Use: Treatment for chronic tendinosis with associated neovascularity.
Polidocanol (aethoxysclerol) is a medication which was developed originally as a local anaesthetic in 1961. It was noted to have the additional and far more effective property of being a sclerosant.
It was originally used in the treatment of venous disease. It was first used in the treatment of tendon pathology in 2002. (Ohberg L, Alfredson H. Ultrasound guided sclerosis of neovessels in painful chronic Achilles tendinosis: pilot study of a new treatment. Br J Sports Med. 2002; 36:173-175)
In areas of chronic tendinosis often new vessels develop (neovascularity). Reason for this is not known. This neovascularity does not appear to necessarily help in the healing process.
It has been postulated that these vessels, and likely accompanying nerves, are associated with the pain seen in chronic tendinosis.
Studies have shown that up to 80% of patients with chronic painful tendinosis have this neovasculartization.Also those with neovascularization are associated with more discomfort that those without this vascularity.
It has been found that ablating the neovascularity settles the pain, associated with the tendinosis.
Ablating/destroying the neovascularity does not in itself help heal the tendon, but makes the region pain free, and is usually done in conjunction with strengthening exercises and physiotherapy.
The injection in addition does not weaken the tendon, but may in fact help heal the tendon due to associated sclerosis.
If you have not had a prior ultrasound an expert musculo-skeletal Sonographer or Dr Berman (specialist musculo-skeletal radiologist) will usually first scan the area of concern.
The skin is cleaned with an antiseptic agent. Under ultrasound control the area of concern will be injected directly with Polidocanol. Occasionally an initial injection of local anaesthetic into the skin will be performed first.
Also please remember to always bring with you any prior imaging that you may have had as this would possibly assist Dr Berman in determining the best treatment option in your case, or use the prior imaging as a source of comparison to assess for interval improvement after any particular therapy.
The procedure is usually well tolerated and adverse reactions are rare.
The degree of discomfort varies depending on:
Overall the procedure is well tolerated and usually produces only minimal discomfort. There can be a slight increase in pain in the area injected for a day or two afterwards. Occasionally up to a week. I strongly recommend the use of ice-packs to be used 3-4 times a day for the first 2 days after treatment; beginning immediately afterwards. This is extremely successful in limiting the degree of discomfort produced by this therapy.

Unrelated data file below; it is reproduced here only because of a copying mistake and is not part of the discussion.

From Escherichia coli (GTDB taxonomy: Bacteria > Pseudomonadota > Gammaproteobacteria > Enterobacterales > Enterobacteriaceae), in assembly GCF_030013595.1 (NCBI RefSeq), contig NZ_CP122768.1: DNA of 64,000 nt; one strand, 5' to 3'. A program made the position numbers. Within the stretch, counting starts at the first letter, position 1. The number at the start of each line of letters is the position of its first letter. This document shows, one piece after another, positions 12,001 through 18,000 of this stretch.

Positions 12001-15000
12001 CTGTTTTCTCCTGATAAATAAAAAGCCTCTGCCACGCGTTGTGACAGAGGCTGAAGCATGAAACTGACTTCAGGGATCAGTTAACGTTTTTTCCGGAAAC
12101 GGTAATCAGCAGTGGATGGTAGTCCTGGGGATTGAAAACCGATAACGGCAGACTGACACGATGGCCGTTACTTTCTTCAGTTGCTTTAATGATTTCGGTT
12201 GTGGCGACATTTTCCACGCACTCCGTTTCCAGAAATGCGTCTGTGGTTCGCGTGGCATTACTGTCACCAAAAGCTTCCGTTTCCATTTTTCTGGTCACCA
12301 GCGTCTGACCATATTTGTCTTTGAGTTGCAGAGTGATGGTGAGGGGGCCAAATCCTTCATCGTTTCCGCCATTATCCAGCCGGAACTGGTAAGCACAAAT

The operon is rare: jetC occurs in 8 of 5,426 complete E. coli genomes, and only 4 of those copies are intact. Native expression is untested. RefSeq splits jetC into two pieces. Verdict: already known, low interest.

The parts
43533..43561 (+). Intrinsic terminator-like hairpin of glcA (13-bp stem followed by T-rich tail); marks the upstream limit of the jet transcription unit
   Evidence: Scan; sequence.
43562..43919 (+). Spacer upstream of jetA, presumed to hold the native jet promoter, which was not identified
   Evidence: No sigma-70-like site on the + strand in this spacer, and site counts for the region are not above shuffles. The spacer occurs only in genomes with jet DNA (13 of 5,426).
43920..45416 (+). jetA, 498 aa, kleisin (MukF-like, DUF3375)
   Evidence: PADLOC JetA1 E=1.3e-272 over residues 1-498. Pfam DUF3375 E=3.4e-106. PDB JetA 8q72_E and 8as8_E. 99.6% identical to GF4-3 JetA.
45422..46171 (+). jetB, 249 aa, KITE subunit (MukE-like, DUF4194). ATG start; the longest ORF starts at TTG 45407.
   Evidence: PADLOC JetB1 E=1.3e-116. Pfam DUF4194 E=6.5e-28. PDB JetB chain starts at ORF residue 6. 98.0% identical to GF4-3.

This is usually mild and helped with the use of analgesia (such as Ibuprofen and Paracetamol) and cold packs.
The response to treatment is variable.
The degree of response to treatment depends on several factors; including:
Overall about 70% of patients get improvement. This improvement can be quite dramatic in many cases.
Following this procedure, please be advised of the following recommendations:
Usually your rehabilitation program gradually increases over the following 3-6 weeks. The exact program and its intensity will depend on the body part treated, your tolerance and progress through the rehabilitation and your particular physiotherapists methods.
If required we would discuss the above at the appropriate time.
Please remember that a referral is required as Dr Berman is a specialist.
After the injection a report would be sent to your referring general practitioner or specialist as well as you your treating physiotherapist.
If you do not have a physiotherapist, we would be happy to suggest someone in or close to your area.
The radiologist conducting the injection will send your referring doctor a report.
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